When selecting a water control system, end users should look for devices that operate automatically, do not require power, easily integrate with existing equipment and have minimal maintenance requirements. Other desirable features include high-quality filters to remove impurities from the seal water and backup safety valves to drain seal water in the event of operational issues. Installation can take as little as half an hour and does not necessitate specialized equipment.

Smart water control system
IMAGE 2: Smart water control system

Seal water pots

Closed-loop seal water systems, commonly used in pulp and paper plants, are another alternative for seal water conservation. These systems employ a pressurized seal water pot that holds several gallons of water and connects to the seal via hoses. The system continually circulates the same water between the seal and the tank, reducing seal water use and eliminating wastewater discharge. However, these systems can be expensive to install and require regular maintenance to refill with fresh water and remain operational. If process fluids mix with seal water due to seal damage or wear, cleaning the seal pots can be challenging.

Water filtration

Filtration is essential to ensure efficient water use in a system. Impurities in water can build up over time, clogging pumps, increasing wear on seals and other system components and ultimately leading to increased seal water consumption as users attempt to prevent clogging in their system-regulating valves. End users should ensure their seal water adheres to their industry specific standards for optimal performance, including limits on impurity size, silicate content, organic impurities, iron content and water hardness.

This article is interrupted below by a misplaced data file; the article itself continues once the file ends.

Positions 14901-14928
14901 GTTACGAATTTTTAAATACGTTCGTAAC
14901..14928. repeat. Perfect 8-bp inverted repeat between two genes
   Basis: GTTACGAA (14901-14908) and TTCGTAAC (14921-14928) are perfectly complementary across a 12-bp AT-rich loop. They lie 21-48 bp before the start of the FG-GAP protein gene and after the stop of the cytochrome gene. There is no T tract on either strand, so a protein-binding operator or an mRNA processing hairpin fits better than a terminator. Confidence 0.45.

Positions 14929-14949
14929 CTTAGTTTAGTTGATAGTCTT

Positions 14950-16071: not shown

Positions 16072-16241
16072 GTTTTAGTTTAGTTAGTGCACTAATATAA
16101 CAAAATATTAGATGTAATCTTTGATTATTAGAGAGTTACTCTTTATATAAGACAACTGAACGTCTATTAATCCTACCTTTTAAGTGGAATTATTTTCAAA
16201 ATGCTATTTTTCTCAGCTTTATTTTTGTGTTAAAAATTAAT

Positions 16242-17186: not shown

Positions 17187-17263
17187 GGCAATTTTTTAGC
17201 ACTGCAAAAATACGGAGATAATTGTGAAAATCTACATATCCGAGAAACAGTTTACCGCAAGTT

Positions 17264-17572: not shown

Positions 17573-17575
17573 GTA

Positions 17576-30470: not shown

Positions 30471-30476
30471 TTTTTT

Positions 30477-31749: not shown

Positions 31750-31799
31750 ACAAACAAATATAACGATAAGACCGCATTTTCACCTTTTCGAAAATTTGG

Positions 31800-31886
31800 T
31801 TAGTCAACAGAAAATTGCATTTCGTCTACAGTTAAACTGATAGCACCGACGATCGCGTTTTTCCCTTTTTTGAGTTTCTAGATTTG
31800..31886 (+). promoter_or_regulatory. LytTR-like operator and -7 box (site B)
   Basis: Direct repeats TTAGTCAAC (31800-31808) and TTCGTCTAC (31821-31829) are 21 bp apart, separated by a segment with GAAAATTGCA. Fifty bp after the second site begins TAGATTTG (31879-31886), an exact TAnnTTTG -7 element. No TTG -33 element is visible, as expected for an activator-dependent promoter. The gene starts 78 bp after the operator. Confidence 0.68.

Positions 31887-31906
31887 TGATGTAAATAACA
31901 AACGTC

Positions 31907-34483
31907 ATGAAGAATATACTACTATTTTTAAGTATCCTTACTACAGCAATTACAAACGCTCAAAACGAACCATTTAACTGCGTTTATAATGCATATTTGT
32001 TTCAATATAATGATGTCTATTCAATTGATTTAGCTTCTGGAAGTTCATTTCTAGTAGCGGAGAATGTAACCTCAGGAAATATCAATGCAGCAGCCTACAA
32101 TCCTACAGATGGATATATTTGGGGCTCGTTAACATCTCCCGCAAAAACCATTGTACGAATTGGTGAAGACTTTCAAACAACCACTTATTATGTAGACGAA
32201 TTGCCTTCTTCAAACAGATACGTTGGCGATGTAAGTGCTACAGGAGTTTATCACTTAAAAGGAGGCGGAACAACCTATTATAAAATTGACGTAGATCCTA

Depending on the flush water system requirements, end users can choose from various filtration options, such as inline filters for individual applications or multilayer filters for plantwide systems.

IMAGE 3: Plant-wide filtration system
IMAGE 3: Plant-wide filtration system

Benefits of Water Conservation

Reducing seal water consumption reduces water and wastewater treatment costs, while also enhancing system reliability and reducing maintenance expenses. Seal water-related issues are responsible for 59% of seal failures, with most failures stemming from impurities accumulating in the system and leading to blockages. System wear can also cause seal water to infiltrate process fluids, compromising the quality of end user products. In systems without seal water controls, seals typically have a life span of six to 18 months. With appropriate seal water flush control technology, end users can extend their seal life span by several years, achieving improved equipment uptime, enhanced system performance and lower maintenance costs.

Minimizing seal water consumption can help end users meet environmental standards, as many government bodies are tightening regulations on water pollution and excessive water usage. This puts pressure on plants to reduce wastewater production and overall water consumption to comply with these regulations.

Efficient seal water usage is achievable with the aid of current water conservation technology. By investing in system controls and adhering to best practices, end users can realize significant financial, operational and environmental benefits.

We invite your suggestions for article topics as well as questions on sealing issues so we can better respond to the needs of the industry. Please direct your suggestions and questions to sealingsensequestions@fluidsealing.com.